D.R. Horton illustrated the reality: Amid sky-high home prices and mortgage interest rates, not only your purchasing power has decreased, so has the amount of living space you get for your money. 

Below, we look at how recent analysis from Point2 quantified both metrics across America. 

Purchasing Power

Big shock. Homebuyers in the SF Bay Area lost the most purchasing power between 2021 and 2022. 

  • In Fremont, CA, a median-income household could afford (meaning they spend no more than 30% of their income) a home as expensive as $893,390 in 2021. That figure dropped to $650,269 in 2022. A decrease of $243,121. 
  • In San Jose, buying power decreased $200,472 from $730,869 in 2021 to $530,397 in 2022. 
  • In the city of San Francisco, purchasing power plummeted $198,796 from $715,585 in 2021 to $516,790 in 2020. 

Good luck finding a home for half a million bucks in San Jose or San Francisco, where median prices easily top $1 million. 

But it’s not just the Bay Area where purchasing power took a significant year-over-year hit. 

  • Arlington, VA, came in fourth with a $179,806 loss in purchasing power. A median-income homebuyer there can afford up to $507,137 in 2022, down from $686,943 in 2021
  • In relatively tiny Gilbert, AZ, purchasing power dropped $174,097 from $621,675 in 2021, making anything up to $447,579 affordable in 2022. 

You gotta go to the old Rust Belt and environs to tame loss of purchasing power into the five figures: 


Source: Point2

Living Space

Don’t call it a bright side, but in some of the most expensive housing markets, if you can afford a home, you’re not sacrificing that much square footage.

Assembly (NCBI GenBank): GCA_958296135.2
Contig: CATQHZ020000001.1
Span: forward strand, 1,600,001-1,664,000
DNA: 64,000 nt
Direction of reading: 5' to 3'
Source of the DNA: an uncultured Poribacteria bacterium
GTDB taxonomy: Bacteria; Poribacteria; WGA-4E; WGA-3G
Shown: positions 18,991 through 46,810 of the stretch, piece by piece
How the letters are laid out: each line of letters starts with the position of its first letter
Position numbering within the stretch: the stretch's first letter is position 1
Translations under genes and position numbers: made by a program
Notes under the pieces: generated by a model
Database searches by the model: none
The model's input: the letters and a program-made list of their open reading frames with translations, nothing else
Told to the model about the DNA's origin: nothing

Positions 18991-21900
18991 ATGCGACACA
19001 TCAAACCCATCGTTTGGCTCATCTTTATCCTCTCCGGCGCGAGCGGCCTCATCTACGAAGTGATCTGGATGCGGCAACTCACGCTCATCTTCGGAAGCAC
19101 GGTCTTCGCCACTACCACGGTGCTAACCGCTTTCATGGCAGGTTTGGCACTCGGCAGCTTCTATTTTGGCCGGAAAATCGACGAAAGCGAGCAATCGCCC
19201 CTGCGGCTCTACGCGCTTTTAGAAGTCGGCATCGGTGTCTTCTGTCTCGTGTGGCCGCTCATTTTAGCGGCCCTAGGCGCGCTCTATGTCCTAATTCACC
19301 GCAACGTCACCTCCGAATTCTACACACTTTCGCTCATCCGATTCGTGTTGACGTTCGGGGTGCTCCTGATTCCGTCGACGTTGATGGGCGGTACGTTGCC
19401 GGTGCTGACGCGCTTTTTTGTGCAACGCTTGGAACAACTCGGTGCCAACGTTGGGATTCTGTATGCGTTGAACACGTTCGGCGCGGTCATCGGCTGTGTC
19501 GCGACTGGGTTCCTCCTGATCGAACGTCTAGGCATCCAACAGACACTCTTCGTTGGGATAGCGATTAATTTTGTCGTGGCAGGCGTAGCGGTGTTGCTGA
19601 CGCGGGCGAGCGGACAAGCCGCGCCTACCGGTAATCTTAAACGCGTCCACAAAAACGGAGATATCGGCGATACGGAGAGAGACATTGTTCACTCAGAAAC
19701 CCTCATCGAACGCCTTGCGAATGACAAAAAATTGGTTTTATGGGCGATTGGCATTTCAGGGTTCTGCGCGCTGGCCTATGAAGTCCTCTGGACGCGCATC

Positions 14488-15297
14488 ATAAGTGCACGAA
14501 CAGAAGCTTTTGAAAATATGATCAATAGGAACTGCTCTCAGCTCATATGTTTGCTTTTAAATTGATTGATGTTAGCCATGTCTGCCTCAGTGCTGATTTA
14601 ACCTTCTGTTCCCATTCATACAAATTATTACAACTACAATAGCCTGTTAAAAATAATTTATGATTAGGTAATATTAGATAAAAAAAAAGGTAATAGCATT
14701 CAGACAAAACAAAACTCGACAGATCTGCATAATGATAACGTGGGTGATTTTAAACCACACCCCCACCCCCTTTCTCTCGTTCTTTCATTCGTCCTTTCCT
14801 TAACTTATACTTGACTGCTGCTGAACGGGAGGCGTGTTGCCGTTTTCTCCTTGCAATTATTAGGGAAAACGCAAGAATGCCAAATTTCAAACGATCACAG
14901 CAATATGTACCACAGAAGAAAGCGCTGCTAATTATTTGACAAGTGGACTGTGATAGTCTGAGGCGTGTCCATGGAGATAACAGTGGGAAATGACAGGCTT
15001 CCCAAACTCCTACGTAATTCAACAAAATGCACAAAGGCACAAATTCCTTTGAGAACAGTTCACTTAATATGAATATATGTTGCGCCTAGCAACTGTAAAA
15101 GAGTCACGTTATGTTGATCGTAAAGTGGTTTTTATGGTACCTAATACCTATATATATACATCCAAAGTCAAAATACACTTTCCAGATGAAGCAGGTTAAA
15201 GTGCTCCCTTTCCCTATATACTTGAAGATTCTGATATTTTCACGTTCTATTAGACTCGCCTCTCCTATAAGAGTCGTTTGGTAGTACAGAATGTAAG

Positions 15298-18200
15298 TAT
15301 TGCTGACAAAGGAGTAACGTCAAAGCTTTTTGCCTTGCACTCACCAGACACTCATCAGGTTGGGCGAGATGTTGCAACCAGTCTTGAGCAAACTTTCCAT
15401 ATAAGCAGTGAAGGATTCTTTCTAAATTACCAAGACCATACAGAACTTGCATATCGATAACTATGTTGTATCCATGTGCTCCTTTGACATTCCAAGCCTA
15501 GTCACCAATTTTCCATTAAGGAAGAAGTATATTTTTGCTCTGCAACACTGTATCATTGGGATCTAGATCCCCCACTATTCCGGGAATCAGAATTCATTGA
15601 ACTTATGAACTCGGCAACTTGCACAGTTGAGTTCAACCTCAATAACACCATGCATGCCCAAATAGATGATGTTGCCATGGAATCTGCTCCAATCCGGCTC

• In San Francisco, buyers get only 138 fewer square feet for their money in 2022 versus 2021. 
  • In New York City, the loss is 92 square feet. 

What’s the catch? In these higher-density urban environments where space is scarce, properties tend to be smaller. So you’d expect less variation in square footage. 

To lose the most living space for your money, you gotta go to…

  • Fort Wayne, IN: In 2021, the average homebuyer’s money got them 3,035 square feet of space there. That number dropped to 1,896 in 2022, a startling decline of 1,140 square feet. 
  • After Fort Wayne comes Wichita, KS (loss of 990 square feet), followed by Chesapeake, VA (917), Indianapolis, IN (908), and Kansas City, MO (888). 

The typical bedroom in the U.S. is 132 square feet. This means Fort Wayne homebuyers lost, on average, the equivalent of nearly nine bedrooms of space. 

Buyers in 60 other cities lost 500 to 1,000 square feet, or the equivalent of four to eight bedrooms. 

The Bottom Line: If you earn the median income, affording a home is literally impossible in three California cities: Irvine, Anaheim, and Los Angeles. There’s no inventory for you at an affordable price. 

In 41 other cities, the inventory of homes you could afford on the median income makes up less than 10% of the total properties for sale. 

So if anybody’s complaining about having to go with the 1,600-square-foot ranch over the 2,300-square-foot two-story, they might want to stop and count their blessings right after they count their money. 

At least they can afford to buy a home, even if it’s smaller than the roof over their head they would have been thankful for if they entered the market during the 2021 holiday season.